eInquisitive > Glorify God With Your Body–1 Corinthians 6.9-20

Glorify God With Your Body–1 Corinthians 6.9-20

I want you to imagine that you are in a foreign country and that you are about to take a road trip. Let’s say that you are hired to transport something to another city as soon as possible. You are given a fueled up car and a road map and an address. What do you do? The logical thing to do is to plot out the best route on the map and follow it in order to get there as quickly as possible. Still, some will accept the job, then be led astray and take their time to get where they are going, possibly going the wrong way intentionally, running out of gas, food, getting lost, etc. In the same way, we have a goal that we are challenged to reach in life and that is addressed by this passage (in addition to other things). Read the 1 Corinthians 6.9-20.

9,10. Implication from the previous section is that the lawsuits are unrighteous and the unrighteous do not have an inheritance in heaven. Paul contrasts the lawsuit issue with more extreme examples of immorality and says that they too do not have an inheritance in heaven.

11. Paul identifies that some of them were guilty of some of these sins, but now they are forgiven (washed), life transformed (sanctified) and pardoned (justified).

12. In saying that all things are lawful, Paul is saying that God will allow us to do whatever we want, even as Christians, including sin. In spite of this, sin is not good for us because, as it is implied, sin will master us if we allow it to be a part of our lives. So instead of serving Christ, we will serve ourselves, our sinful nature.

13. It seems here that we could try to justify immorality on the grounds that it is our nature, as humans to be involved sexually with one another. Where there is some truth to this—the first command was to multiply and fill the earth—it is not an excuse for sexual immorality. Paul acknowledges that the reason we have food is because we have a stomach that needs it, but we do not have a body which is designed to serve sex; rather it is designed for serving God.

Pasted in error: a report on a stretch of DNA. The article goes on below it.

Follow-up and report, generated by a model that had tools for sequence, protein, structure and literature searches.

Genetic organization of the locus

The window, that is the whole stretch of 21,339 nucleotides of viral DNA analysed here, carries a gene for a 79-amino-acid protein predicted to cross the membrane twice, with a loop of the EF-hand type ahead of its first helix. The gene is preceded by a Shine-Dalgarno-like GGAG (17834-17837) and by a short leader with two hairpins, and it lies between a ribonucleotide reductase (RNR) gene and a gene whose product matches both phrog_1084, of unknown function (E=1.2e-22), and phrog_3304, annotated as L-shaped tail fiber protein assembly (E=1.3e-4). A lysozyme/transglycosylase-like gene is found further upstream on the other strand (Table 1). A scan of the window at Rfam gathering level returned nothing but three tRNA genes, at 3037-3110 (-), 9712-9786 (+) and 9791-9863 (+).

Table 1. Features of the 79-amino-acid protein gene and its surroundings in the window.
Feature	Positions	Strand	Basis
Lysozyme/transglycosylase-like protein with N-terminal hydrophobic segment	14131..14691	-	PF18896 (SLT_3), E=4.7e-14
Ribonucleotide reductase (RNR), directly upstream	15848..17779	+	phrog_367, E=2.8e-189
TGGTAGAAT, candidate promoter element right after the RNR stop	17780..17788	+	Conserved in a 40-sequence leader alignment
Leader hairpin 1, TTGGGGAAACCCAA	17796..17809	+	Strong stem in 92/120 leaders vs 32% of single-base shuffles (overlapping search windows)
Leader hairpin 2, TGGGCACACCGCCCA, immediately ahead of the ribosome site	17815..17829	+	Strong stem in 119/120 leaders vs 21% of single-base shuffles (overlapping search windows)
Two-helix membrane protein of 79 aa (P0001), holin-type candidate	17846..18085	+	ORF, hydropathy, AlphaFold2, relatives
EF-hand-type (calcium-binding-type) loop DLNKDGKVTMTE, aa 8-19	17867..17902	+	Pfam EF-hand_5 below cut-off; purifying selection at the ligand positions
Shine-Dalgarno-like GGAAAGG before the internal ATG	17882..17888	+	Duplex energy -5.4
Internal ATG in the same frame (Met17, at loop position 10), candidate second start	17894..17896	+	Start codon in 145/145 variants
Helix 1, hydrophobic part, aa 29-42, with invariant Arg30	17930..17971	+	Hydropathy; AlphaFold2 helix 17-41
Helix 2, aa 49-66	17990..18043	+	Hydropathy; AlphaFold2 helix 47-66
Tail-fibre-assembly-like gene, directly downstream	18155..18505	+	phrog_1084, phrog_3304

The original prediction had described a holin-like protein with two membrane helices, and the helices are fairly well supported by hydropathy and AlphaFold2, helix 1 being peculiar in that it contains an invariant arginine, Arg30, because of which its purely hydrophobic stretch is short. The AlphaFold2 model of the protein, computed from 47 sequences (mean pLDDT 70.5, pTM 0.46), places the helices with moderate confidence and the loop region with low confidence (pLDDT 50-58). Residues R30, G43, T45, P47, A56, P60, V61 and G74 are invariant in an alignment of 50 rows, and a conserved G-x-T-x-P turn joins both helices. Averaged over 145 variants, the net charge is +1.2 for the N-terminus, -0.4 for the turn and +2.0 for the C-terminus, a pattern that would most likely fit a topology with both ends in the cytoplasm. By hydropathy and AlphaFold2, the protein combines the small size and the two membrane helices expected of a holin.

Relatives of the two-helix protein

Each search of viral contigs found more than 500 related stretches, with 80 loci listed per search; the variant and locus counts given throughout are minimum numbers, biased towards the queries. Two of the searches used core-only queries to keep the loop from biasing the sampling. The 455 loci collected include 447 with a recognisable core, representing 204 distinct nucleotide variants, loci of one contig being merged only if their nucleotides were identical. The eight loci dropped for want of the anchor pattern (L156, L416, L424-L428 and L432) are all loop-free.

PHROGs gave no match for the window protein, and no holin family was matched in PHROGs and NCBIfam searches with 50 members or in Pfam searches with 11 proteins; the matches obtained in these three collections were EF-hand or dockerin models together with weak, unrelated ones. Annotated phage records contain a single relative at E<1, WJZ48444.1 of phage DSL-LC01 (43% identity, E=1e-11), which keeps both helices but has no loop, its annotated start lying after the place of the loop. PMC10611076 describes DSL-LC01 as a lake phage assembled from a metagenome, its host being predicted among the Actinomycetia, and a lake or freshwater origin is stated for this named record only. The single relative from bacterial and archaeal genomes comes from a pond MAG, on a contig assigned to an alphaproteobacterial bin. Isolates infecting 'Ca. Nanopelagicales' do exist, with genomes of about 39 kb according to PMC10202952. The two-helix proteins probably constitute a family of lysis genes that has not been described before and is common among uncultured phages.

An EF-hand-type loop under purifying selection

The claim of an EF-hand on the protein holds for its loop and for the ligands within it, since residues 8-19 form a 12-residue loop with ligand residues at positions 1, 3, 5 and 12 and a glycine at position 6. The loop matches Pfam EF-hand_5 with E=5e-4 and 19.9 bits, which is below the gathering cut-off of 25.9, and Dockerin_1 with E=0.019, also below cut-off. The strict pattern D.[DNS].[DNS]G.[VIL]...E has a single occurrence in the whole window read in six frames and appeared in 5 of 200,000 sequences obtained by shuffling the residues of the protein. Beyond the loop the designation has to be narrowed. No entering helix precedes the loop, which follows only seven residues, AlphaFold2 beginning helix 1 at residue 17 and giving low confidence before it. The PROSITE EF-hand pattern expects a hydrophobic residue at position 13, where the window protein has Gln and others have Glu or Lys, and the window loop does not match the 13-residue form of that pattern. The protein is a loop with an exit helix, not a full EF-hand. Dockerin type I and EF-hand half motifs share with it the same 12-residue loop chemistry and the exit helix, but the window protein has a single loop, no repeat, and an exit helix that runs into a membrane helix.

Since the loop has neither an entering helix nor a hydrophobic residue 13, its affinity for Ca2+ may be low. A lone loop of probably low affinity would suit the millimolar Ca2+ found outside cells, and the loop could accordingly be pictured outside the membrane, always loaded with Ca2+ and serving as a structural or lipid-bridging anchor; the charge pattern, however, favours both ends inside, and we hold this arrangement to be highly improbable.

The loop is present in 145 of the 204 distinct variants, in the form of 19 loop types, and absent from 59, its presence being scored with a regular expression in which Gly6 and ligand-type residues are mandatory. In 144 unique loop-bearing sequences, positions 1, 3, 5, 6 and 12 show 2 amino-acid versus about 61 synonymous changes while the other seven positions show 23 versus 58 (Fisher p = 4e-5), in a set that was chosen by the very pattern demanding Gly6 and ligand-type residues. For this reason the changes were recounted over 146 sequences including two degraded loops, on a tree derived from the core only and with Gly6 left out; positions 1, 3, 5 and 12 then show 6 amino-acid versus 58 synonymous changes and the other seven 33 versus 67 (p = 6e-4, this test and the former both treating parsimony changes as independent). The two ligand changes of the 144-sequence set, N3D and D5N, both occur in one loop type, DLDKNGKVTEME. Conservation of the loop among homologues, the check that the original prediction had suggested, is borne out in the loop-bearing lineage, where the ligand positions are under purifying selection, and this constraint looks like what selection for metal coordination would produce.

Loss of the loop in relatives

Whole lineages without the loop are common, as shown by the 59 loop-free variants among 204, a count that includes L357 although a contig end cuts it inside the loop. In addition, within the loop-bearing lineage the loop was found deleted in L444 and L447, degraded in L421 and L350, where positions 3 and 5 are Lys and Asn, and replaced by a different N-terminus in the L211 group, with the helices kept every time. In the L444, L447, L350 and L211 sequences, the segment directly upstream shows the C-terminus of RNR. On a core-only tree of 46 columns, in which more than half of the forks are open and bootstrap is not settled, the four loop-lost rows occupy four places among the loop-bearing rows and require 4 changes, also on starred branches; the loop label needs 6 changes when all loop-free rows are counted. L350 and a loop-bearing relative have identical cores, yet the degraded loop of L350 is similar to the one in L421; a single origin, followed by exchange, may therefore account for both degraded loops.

14. In the same way that Jesus’ body was raised and transformed into an imperishable heavenly body, our physical bodies will also be raised up and transformed to be just like His. I think Paul brings this up to imply that the effects of our sin, will be a part of us for eternity. We won’t have guilt or pain because of it, but I do believe we will remember our sin even though we have been forgiven of it. Certainly those who do not accept Christ will spend eternity troubled by these scars.

15-17. Since in the act of committing sexual immorality, you are becoming one in flesh with another, and you as a believer are already one in spirit with Jesus Christ, then you are in essence binding Christ to a prostitute. Now it is not that the prostitute could not be forgiven or that Jesus would not be happy to forgive a prostitute; it’s not that at all. Jesus would happily bind Himself to a prostitute that recognizes the need for a savior and repents of sin. If we commit sexual immorality, we are binding Christ to the practice of immorality. It’s like we talked about in chapter 5; we are defaming the name of Christ.